The footprints look like they were left behind just moments ago by a barefoot visitor to New Mexico’s White Sands National Park, the amblings of a slightly flat-footed teen, each toe and heel impression crisply defined by a fine ridge of sand.
But this is no tourist track. These prints are among the oldest evidence of humans in the Americas, marking the latest addition to a growing body of evidence that challenges when and how people first ventured into this unexplored land.
According to a paper published today in the journal Science, the footprints were pressed into the mud near an ancient lake at White Sands between 21,000 and 23,000 years ago, a time when many scientists think that massive ice sheets walled off human passage into North America.
Exactly when humans populated the Americas has been fiercely debated for nearly a century, and until recently, many scientists maintained this momentous first occurred no earlier than 13,000 years ago. A growing number of discoveries suggest people were in North and South America thousands of years before…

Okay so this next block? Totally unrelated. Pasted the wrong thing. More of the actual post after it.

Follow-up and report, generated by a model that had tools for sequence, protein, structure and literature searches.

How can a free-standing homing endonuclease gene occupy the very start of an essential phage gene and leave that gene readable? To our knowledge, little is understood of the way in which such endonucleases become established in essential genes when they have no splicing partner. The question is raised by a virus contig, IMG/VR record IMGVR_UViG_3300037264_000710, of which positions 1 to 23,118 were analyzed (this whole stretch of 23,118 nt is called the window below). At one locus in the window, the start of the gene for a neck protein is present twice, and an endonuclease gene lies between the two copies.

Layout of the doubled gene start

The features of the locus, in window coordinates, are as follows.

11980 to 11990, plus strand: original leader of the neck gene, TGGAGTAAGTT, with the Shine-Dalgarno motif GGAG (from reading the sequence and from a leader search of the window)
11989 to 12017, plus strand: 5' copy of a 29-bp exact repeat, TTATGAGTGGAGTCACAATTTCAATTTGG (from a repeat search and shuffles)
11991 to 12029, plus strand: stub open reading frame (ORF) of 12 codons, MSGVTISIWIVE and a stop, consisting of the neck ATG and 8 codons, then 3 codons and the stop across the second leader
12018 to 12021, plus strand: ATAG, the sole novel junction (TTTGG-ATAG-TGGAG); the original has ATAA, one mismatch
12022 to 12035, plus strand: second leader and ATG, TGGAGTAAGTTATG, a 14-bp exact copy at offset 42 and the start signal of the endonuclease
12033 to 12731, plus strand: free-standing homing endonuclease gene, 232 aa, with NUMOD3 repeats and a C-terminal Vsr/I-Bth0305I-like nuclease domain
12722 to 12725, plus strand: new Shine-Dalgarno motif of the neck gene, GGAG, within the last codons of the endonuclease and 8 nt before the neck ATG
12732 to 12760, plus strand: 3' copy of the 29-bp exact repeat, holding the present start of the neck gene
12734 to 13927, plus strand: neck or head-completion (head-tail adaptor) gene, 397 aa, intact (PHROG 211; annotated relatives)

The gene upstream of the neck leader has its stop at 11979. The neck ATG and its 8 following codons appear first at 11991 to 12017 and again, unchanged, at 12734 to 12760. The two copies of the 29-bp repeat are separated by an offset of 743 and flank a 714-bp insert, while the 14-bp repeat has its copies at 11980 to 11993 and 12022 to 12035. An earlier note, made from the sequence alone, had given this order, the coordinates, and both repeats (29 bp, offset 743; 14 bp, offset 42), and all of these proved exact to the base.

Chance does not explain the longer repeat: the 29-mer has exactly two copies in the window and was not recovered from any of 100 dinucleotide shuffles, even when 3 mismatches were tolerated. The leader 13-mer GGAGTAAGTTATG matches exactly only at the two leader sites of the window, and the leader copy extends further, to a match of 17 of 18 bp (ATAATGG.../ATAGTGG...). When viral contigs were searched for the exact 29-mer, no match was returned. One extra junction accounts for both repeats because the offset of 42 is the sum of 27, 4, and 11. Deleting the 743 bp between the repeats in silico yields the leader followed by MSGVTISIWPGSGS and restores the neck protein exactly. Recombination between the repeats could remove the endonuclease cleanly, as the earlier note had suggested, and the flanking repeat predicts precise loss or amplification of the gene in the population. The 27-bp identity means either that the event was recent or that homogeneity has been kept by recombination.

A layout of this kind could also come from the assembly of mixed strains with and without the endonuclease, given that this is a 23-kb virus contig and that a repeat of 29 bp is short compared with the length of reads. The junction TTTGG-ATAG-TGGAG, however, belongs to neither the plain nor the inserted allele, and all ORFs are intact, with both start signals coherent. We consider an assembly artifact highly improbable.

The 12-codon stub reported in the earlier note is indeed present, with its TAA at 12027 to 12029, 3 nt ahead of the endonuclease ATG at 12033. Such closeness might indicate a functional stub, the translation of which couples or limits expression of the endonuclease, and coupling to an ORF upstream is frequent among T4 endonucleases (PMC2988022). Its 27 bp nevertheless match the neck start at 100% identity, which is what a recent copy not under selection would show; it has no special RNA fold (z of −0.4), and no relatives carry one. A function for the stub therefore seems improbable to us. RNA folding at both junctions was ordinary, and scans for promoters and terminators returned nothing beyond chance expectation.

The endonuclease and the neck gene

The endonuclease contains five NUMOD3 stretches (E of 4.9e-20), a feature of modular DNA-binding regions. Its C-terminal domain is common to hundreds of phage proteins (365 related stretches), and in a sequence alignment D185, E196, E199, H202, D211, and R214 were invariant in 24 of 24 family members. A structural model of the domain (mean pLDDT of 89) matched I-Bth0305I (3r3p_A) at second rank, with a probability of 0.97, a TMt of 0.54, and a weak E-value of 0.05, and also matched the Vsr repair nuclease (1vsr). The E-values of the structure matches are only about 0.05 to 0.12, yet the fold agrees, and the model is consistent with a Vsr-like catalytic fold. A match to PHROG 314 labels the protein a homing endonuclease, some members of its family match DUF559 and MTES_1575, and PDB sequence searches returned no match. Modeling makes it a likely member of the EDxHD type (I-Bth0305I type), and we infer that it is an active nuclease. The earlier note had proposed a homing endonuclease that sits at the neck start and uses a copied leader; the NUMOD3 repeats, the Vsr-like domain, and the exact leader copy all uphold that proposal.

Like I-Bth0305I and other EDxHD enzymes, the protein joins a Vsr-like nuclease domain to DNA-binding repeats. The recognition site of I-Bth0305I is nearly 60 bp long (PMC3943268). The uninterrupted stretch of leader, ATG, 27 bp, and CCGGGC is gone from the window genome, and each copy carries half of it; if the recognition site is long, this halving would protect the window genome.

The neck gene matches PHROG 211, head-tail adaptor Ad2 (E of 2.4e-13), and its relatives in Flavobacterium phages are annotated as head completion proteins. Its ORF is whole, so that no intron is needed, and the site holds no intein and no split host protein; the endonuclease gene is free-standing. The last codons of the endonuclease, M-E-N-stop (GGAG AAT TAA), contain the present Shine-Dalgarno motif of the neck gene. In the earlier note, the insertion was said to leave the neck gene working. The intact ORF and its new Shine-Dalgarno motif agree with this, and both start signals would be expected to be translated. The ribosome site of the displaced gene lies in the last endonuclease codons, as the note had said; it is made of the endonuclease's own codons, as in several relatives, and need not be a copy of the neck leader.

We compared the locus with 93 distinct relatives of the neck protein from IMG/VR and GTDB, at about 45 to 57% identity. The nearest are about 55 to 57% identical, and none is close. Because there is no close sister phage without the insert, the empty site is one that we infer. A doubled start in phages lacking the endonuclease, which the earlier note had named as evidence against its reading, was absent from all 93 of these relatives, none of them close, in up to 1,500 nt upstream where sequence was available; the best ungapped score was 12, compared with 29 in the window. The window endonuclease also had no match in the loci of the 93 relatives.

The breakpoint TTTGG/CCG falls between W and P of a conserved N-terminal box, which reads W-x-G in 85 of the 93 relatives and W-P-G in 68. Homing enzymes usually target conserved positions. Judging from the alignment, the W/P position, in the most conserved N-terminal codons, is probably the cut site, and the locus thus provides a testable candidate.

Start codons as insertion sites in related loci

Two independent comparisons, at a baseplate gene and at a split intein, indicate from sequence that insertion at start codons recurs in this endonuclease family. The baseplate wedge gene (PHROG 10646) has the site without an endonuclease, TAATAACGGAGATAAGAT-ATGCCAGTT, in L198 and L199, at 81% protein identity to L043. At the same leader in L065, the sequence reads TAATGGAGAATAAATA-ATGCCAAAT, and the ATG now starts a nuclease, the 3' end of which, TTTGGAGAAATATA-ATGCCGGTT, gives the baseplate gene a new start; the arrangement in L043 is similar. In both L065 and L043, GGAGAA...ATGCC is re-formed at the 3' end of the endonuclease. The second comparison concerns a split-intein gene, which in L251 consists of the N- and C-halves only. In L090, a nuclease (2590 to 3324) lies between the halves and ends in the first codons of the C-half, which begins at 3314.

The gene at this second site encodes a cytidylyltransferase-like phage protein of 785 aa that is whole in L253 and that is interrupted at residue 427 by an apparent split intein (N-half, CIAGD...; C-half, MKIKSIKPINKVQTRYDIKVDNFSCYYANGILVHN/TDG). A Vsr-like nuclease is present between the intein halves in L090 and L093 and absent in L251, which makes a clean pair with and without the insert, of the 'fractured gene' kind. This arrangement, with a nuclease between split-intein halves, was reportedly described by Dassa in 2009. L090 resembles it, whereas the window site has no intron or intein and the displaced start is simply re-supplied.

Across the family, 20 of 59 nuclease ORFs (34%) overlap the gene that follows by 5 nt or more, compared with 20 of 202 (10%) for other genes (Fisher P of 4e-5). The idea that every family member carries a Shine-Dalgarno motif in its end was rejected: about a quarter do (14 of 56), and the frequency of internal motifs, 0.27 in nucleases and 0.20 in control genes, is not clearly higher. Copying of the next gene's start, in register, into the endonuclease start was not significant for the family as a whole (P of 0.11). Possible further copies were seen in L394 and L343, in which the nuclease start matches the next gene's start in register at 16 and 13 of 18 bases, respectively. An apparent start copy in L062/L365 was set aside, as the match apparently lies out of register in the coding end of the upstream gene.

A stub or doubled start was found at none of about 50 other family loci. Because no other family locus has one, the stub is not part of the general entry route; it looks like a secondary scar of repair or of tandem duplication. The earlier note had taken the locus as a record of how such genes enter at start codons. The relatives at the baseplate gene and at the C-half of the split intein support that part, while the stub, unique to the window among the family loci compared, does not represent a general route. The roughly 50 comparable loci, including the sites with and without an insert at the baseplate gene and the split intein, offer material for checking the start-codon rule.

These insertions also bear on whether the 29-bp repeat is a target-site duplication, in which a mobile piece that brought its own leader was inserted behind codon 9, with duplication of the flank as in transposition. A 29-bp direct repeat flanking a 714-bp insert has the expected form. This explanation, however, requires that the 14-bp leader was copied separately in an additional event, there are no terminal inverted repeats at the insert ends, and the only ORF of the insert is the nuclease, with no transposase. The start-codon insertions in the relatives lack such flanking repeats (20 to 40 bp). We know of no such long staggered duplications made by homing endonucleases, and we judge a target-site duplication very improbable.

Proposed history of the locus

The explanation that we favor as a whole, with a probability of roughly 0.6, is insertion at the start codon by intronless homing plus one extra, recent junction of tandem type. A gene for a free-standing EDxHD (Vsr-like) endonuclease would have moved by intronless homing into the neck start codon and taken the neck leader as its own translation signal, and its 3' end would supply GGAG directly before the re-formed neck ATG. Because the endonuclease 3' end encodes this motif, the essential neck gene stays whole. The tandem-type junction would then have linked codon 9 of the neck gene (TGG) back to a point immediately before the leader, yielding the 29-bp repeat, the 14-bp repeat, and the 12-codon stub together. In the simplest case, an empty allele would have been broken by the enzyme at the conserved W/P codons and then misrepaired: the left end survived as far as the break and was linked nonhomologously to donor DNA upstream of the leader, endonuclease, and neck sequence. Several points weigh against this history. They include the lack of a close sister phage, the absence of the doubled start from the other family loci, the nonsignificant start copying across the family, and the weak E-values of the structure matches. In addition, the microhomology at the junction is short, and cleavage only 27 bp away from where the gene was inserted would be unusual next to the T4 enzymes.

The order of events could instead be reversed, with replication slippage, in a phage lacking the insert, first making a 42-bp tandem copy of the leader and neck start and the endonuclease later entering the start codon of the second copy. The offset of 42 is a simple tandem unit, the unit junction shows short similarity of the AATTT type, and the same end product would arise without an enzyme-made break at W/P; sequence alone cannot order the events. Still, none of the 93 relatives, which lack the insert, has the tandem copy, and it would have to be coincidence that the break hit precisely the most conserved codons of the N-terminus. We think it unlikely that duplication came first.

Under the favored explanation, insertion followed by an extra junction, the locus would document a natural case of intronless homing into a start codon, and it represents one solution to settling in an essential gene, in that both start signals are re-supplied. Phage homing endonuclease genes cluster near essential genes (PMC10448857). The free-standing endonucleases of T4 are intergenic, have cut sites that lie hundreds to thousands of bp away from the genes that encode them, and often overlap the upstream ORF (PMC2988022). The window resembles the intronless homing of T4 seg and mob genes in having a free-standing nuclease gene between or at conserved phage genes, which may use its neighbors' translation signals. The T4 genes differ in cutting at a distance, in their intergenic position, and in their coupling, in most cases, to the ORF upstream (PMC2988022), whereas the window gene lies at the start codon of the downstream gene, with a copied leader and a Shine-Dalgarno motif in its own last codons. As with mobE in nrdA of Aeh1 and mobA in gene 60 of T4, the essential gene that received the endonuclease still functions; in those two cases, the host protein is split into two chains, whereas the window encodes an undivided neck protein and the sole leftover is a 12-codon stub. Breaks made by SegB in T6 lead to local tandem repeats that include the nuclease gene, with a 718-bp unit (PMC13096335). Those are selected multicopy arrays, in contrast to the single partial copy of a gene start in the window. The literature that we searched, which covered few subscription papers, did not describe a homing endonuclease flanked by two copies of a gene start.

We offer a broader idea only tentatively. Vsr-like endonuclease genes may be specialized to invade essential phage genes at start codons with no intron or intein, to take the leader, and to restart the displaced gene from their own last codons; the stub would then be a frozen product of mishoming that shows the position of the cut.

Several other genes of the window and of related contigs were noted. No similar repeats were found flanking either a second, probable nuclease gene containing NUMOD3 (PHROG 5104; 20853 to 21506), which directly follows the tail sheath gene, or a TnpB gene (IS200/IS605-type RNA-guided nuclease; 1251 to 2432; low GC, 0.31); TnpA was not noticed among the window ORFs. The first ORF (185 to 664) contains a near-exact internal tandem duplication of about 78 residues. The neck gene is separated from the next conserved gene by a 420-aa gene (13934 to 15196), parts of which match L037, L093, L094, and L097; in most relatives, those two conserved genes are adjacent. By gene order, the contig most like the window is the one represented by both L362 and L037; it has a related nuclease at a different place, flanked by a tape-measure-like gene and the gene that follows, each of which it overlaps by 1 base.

…After decades of the field centering around a Clovis culture of only 13,000 years ago, change may finally be on the horizon. “I think we will not speak in terms of pre-Clovis possibilities,” Ciprian Ardelean says. “We will speak in terms of pre-White Sands and post-White Sands.”
I haven’t been to White Sands since I retired. There was a time I would pass by there [and stop in for a spell] every three or four weeks. One of the most beautiful places on this planet. Coupling that natural beauty with the earliest human settlers just makes it all the more intriguing.